The developer went on lamenting. “We are not unlike construction workers who move from one construction site to another, working at a particular site only for the duration of the building period.”
The combination of poor wage and working conditions of the industry has led to a vicious cycle, said Kim Jin-hyung, professor of Computer Science at Korea Advanced Institute of Science and Technology (KAIST). “Low paying jobs fail to attract talented software developers, and as a result companies churn out only mediocre products that are not well received in the market,” Kim explained. “This in turn leads to deteriorating profits and still lower wages. The cycle goes on and on.”
The Distorted market
Nowhere are the sorry state of Korea’s software industry is more manifest than in the System and Integration (SI) sector. Government agencies or large corporations require complex computer systems to manage their data, and it is in the hands of SI companies that most of such systems are drawn and built.
A few of SI companies, mostly affiliates of the country’s largest conglomerates (chaebol), take the lion’s share of these projects. However, these SI companies do not to the actual job of building the system. Instead, as original contractors, they dole out the work to a subcontractor which in turn gives some of its work to another subcontractor further down the chain. In the process, the payment shrinks in size as certain portion of the money is taken out as commission in exchange for subcontracting the prohect.
In the end, only a fraction of the initial payment (made by the government to the original contractor) is geared toward the real job of building the system. The subcontractor at the bottom of the chain has to make do with the pitifully small payment it got. As a result, it tries to finish the project in the cheapest possible way within the shortest period of time. Software developers are forced to bear the brunt of such brutal imposition from above, which means they have to work under extreme time pressure with very little pay.
Little wonder that many developers think they can no more cope with the workload and choose to exit from the software industry entirely.
Dearth of experienced software developer
Unable to embark on a stable career path, it is not surprising that software developers have little time to hone and build on their expertise. They are neither able to keep abreast of the latest development in information technology nor gain enough experience to manage a complex project. “We have a critical shortage of experienced developers who are capable of designing the entire software architecture instead of simply writing individual programs,” said Lee Young-sang in 2011, then head of the Korea Software Enterprise Association (KSEA).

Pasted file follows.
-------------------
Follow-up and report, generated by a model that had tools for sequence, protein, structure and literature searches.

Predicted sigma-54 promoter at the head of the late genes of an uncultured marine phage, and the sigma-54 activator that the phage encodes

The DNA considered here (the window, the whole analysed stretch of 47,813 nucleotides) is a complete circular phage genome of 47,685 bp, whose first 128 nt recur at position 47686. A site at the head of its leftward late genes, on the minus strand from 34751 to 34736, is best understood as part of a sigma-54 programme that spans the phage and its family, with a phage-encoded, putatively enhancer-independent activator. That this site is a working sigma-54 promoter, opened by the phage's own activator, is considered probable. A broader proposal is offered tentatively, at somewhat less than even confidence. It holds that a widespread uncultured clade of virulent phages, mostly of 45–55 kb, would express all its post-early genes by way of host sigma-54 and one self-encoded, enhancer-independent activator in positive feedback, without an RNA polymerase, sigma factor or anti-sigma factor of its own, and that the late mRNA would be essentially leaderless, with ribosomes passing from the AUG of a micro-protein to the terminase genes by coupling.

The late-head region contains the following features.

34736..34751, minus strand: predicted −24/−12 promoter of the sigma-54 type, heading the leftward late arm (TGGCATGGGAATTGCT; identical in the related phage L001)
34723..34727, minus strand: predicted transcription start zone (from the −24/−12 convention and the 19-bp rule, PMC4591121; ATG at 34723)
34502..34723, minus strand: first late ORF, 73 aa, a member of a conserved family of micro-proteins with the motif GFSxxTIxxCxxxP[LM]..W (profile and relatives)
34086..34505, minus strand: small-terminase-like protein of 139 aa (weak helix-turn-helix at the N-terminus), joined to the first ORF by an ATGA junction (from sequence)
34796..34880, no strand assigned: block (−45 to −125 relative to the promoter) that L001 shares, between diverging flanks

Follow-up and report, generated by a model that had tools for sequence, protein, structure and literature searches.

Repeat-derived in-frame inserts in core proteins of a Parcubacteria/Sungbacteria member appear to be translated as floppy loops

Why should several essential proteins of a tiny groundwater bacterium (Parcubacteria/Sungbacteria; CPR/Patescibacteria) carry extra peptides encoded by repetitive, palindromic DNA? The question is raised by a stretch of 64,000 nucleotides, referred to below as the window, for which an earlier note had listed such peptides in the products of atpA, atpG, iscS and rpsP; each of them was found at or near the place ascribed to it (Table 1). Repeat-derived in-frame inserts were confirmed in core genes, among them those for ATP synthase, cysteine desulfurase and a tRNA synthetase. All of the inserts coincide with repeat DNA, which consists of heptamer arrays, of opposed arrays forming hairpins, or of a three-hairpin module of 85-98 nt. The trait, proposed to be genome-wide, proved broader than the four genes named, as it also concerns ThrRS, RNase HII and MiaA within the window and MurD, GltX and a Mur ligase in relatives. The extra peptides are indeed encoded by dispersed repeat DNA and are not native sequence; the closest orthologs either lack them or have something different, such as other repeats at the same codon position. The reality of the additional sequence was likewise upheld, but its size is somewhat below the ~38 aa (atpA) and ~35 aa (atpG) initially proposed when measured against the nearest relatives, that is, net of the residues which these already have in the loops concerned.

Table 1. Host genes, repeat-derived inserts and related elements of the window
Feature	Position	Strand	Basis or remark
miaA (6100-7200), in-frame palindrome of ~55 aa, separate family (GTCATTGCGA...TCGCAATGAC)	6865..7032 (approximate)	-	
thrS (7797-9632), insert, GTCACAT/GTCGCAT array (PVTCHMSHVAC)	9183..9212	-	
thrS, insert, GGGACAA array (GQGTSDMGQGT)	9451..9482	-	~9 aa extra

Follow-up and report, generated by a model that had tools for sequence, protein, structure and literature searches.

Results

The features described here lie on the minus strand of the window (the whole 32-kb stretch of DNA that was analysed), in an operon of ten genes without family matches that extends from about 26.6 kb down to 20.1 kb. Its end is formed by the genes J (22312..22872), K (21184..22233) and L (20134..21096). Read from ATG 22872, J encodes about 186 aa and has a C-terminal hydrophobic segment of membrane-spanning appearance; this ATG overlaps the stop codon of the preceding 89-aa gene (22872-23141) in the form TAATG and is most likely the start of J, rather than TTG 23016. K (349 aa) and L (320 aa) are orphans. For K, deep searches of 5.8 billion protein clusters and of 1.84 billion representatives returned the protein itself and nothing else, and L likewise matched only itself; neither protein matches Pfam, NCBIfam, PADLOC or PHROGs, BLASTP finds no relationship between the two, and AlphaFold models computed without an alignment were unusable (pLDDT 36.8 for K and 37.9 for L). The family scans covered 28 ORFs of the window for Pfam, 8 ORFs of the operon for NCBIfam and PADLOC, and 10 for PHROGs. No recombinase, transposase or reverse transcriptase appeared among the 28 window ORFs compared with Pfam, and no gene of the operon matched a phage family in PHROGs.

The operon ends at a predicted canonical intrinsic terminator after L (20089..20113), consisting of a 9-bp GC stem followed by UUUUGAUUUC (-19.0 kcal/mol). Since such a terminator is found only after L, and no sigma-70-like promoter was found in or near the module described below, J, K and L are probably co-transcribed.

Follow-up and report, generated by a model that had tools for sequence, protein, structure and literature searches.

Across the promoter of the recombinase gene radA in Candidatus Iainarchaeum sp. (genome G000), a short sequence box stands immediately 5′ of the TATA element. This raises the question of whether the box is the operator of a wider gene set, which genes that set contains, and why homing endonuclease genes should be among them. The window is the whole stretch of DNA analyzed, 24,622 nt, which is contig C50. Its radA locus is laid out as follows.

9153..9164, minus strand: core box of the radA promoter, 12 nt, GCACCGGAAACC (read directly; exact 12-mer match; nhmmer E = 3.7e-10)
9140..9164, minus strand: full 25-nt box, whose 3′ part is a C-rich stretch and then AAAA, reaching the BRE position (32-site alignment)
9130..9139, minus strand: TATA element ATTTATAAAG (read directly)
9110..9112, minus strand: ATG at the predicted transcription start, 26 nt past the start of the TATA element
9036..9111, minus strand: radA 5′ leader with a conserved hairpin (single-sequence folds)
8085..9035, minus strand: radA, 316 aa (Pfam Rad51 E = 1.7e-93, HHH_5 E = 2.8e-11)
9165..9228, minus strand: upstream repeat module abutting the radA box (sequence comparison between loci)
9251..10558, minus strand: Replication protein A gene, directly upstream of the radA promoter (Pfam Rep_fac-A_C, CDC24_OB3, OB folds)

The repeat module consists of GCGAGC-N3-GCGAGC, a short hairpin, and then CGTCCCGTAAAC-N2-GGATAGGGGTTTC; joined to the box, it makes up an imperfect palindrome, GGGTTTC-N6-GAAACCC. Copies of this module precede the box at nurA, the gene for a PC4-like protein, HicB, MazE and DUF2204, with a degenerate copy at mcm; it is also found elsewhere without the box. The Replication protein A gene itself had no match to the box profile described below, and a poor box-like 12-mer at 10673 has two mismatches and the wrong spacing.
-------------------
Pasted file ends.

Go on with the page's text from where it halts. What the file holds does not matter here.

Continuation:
“Designing software is a mix of art and science,” said Chung In-jeong, professor of Computer Science at Korea University. “There is no clear rule on the right way to build a system, since every system has its own requirement. A system designed to process placement of orders for an online retailer like Amazon is surely different from a system necessary to run a large utility network. A programmer has to come up with a different solution every time.”
Unfortunately, most companies failed to grasp the intricacies of building a computer system and regarded the job of software developers as little more than “simply writing programs.” As a result, the software industry has suffered from a critical shortage of underinvestment, with companies unwilling to put enough time and money to nurture a pool of mid-level or senior software developers capable of designing complex software architectures.
It did not help that most colleges cut down the size of their computer science departments in recent years as fewer students chose to study it. Even KAIST, one of the country’s most prestigious universities in science and engineering, reduced the student number of its computer science department by 71% from 129 in 2002 to 38 in 2009.
Fortunately, both the government and the private sector finally seem the recognized the importance of the software industry. Samsung’s failure to develop its own operating system for its mobile devices was a rude awakening that making a good electronic device alone would not be enough in an age of increasing “convergence” of software and hardware.
The government, on its part, passed the Software Industry Promotion Act in May and took the extreme measure of forbidding chaebol SI companies from taking part in large-scale projects.
These companies can no longer make easy money by winning lucrative projects, giving them out to subcontractors and collecting handsome commission fees in the process. “The act may stir some confusion initially, but the chaebol SIs would eventually go on for finding new source of income by diversifying their business and going overseas,” said professor Chung of Korea University.